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Newspaper editor in Senegal gets six months in prison for defaming president's chief of staff

File photo of Senegal President Abdoulaye Wade.

A six-month jail sentence has been imposed by a Dakar court on Abdourahmane Diallo, the editor of the Express News daily, for defaming President Abdoulaye Wade's chief of staff, Pape Samba Mboup. A warrant has been issued for the arrest of Diallo, who was tried in absentia, but he has not yet been detained.

The Dakar criminal court that had tried Diallo in absentia finally issued its verdict on August 26, after two postponements. It imposed a six-month jail term on the editor, together with a suspended sentence of an additional 18 months in prison, and ordered the newspaper to pay Mboup 20 million CFA francs (30,000 euros) in damages. The court also ordered the local press to publish its decision.

Diallo did not appear in court and some local journalists claimed that he never received a summons to appear. The newspaper's lawyer said he would appeal on the grounds that the verdict was issued in the absence of the defendants.

The case was brought over comments about Mboup that Express News published on June 23 and 24 . The source was a group of young ruling party members who support Farba Senghor, the head of a faction opposed Mboup, but the newspaper published them as if they were statements of fact.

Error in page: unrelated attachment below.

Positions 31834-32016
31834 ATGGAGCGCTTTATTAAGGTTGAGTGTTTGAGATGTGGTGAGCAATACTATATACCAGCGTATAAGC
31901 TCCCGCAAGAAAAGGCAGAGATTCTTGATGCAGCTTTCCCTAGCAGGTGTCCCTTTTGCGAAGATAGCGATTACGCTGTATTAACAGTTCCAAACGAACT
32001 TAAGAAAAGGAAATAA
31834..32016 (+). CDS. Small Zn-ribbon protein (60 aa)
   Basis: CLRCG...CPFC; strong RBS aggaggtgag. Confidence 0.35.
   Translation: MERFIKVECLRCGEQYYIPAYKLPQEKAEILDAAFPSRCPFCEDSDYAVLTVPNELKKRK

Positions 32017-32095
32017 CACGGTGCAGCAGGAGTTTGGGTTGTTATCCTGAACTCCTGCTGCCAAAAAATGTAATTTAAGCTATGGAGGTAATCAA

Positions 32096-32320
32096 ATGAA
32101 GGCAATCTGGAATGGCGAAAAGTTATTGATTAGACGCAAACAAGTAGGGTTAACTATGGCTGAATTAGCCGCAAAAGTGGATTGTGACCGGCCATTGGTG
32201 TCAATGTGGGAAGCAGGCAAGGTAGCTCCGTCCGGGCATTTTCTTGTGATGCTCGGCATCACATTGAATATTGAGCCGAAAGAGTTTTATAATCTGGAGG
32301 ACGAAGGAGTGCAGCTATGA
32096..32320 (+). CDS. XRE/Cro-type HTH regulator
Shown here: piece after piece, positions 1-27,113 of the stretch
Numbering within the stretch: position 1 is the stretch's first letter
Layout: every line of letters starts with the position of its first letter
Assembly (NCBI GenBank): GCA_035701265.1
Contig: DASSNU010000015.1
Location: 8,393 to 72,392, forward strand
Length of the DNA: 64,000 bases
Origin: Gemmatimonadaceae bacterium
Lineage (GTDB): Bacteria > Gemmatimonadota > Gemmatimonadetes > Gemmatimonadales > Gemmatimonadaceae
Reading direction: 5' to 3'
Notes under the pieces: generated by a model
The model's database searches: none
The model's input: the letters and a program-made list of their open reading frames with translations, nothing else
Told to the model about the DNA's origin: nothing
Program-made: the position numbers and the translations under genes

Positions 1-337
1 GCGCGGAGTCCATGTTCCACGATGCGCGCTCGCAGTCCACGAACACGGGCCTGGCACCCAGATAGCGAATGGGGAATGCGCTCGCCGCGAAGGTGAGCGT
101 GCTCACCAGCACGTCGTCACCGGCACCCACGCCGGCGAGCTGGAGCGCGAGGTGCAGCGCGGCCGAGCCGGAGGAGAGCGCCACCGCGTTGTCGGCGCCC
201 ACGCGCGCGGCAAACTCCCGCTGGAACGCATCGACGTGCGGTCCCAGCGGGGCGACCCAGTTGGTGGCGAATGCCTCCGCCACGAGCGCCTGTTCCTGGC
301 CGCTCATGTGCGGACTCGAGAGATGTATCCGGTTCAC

The newspaper's front-page headline on June 23 was: “Pape Samba Mboup is a political mercenary still in the pay of the person with full pockets.” The next day it ran the headline: “Mboup is seen as a permanent danger for the regime and violates state secrets.” It added: “Pape Samba Mboup is a drunkard and a conspirator, and is not credible.”

“There are two distinct aspects to this matter,” Paris-based press freedom group Reporters sans Frontières (RSF) said. “One is whether the newspaper was in the wrong. The other is what penalty should be imposed. It is clear that the comments published by Express News, which let itself be used in an exchange of insults between political rivals, were defamatory. But does that mean its editor has to go to prison?”

RSF said, “This sentence is inappropriate, unjust and counter-productive. To prevent this kind of incident from recurring, the media law needs to be quickly amended in order to decriminalise press offences, something we have been urging the Senegalese authorities to do for years.”

Date posted: August 31, 2010 Last modified: May 23, 2018 Total views: 173